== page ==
Is anyone else absolute shit at quitting things?

I have been ghosting things before ghosting was a thing. I’m the OG ghoster.

I have Michael Jackson moon-walked out of situations I didn’t maturely know how to leave for years.

Like, I could list them, but it’d lead to a shame spiral, so let’s just say: jobs, friendships, obligations with friends, probably that dinner you asked me to go to once, but I didn’t want to put pants on, so I told you my kid was sick.

Stuff like that.

I’ve lost relationships and job references out of fear of saying no or being honest, and I accepted that as a side effect of my rampant fear and anxiety.

I mean, what if I didn’t even deserve friends or success or that warm feeling of accomplishing something from beginning to end?

Jesus, Brittany. I have many, many, things to be embarrassed about in my life, and this sort of thing is easily top three.

I’m not really sure why I am such a bad quitter.

I am really uncomfortable with being emotional, so maybe it’s a little of that. I hate crying in front of others, and avoid sad movies at all costs.

I still haven’t forgiven Gigi for swearing up and down nothing sad happens in A Wrinkle in Time, and I hysterically sobbed the entire movie. Like, I had to leave the theater and gather myself in the hall, and an old man walked by asking if I’d just gotten bad news or needed help, and I was like, no, Mrs. Which is just so beautiful and kind, you know, like to all the children in all the world? and he was like, no, I’m here watching Fifty Shades Freed for the second time with my wife.

I also hate confrontation, I hate leaving the house… actually, this quitting thing is becoming less and less of a mystery the more I type.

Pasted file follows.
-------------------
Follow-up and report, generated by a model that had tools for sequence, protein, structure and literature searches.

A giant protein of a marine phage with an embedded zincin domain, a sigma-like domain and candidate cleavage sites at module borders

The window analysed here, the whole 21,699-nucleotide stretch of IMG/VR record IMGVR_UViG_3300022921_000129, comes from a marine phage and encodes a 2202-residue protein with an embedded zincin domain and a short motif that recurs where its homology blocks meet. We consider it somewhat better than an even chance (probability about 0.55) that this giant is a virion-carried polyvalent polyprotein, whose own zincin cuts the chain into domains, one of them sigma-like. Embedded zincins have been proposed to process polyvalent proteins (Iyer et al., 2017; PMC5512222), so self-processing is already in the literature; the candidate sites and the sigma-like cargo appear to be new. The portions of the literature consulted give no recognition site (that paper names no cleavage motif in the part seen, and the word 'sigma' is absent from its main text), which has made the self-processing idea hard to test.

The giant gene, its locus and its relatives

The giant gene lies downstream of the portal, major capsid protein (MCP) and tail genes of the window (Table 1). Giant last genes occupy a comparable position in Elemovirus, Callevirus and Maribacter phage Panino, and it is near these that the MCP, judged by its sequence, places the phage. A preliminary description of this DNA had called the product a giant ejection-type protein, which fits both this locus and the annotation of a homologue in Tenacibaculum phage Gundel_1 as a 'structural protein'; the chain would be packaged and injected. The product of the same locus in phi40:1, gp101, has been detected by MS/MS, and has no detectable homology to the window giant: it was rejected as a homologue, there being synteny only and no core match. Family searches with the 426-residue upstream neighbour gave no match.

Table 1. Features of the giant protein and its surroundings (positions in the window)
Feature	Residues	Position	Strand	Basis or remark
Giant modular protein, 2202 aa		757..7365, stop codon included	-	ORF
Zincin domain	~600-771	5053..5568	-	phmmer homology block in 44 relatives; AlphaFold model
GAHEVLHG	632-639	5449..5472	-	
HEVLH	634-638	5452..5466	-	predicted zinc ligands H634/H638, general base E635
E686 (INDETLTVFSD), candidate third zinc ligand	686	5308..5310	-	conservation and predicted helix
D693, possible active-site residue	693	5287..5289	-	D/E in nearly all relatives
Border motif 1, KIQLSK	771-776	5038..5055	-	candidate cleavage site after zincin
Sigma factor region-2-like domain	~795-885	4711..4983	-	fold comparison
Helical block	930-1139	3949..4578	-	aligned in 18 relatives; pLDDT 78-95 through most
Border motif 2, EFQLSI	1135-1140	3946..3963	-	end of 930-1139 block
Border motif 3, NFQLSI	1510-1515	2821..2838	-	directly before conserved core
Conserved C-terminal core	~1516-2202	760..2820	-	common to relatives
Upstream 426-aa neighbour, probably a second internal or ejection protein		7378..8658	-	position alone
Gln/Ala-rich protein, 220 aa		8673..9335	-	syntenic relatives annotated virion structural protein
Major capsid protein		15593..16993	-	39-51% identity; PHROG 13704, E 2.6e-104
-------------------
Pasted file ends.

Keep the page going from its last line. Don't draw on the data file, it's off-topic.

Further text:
Being a bad quitter is something I have been actively trying to work on over the last few years in my “adult career.”

I’ve gone outside my comfort zone to have honest and pro-active conversations with book publishers and fashion brands. I can’t even order a pizza over the phone, and opt for the second best pizza in town because they offer online ordering, even though the one I’d have to call on the phone is seriously way better, and yet I sit in boardrooms in New York all adult and shit talking about ROI, organic campaigns, and size advocacy. Don’t get me wrong, I have raging panic diarrhea the whole time still, but I mean, I’m showing up in pants like an adult.

I’m learning that the fall out from handling something openly and clearly is so much less of a shit storm then just ducking out and hiding until people forget you exist. But more importantly, I’m learning that the reasons I’ve always been afraid to actually give, are perfectly acceptable and valid reasons, and no one gets to tell you otherwise.

I’m tired. I’m worried. I am not the one for this job. This isn’t the right fit. I don’t have enough spoons. I am compromising too much of myself. My kids need me. I need me. I don’t want to. I don’t want to. I don’t want to. 

All valid things.

So, let’s talk about camp.

Eight camps ago, I launched Camp Throwback on this blog, never expecting anyone to actually want to go once, let alone eight times.

I was wrong, camp grew from a fun blog idea to a monster in absolutely no time, going from a once-a-summer fling, to a twice a summer staple.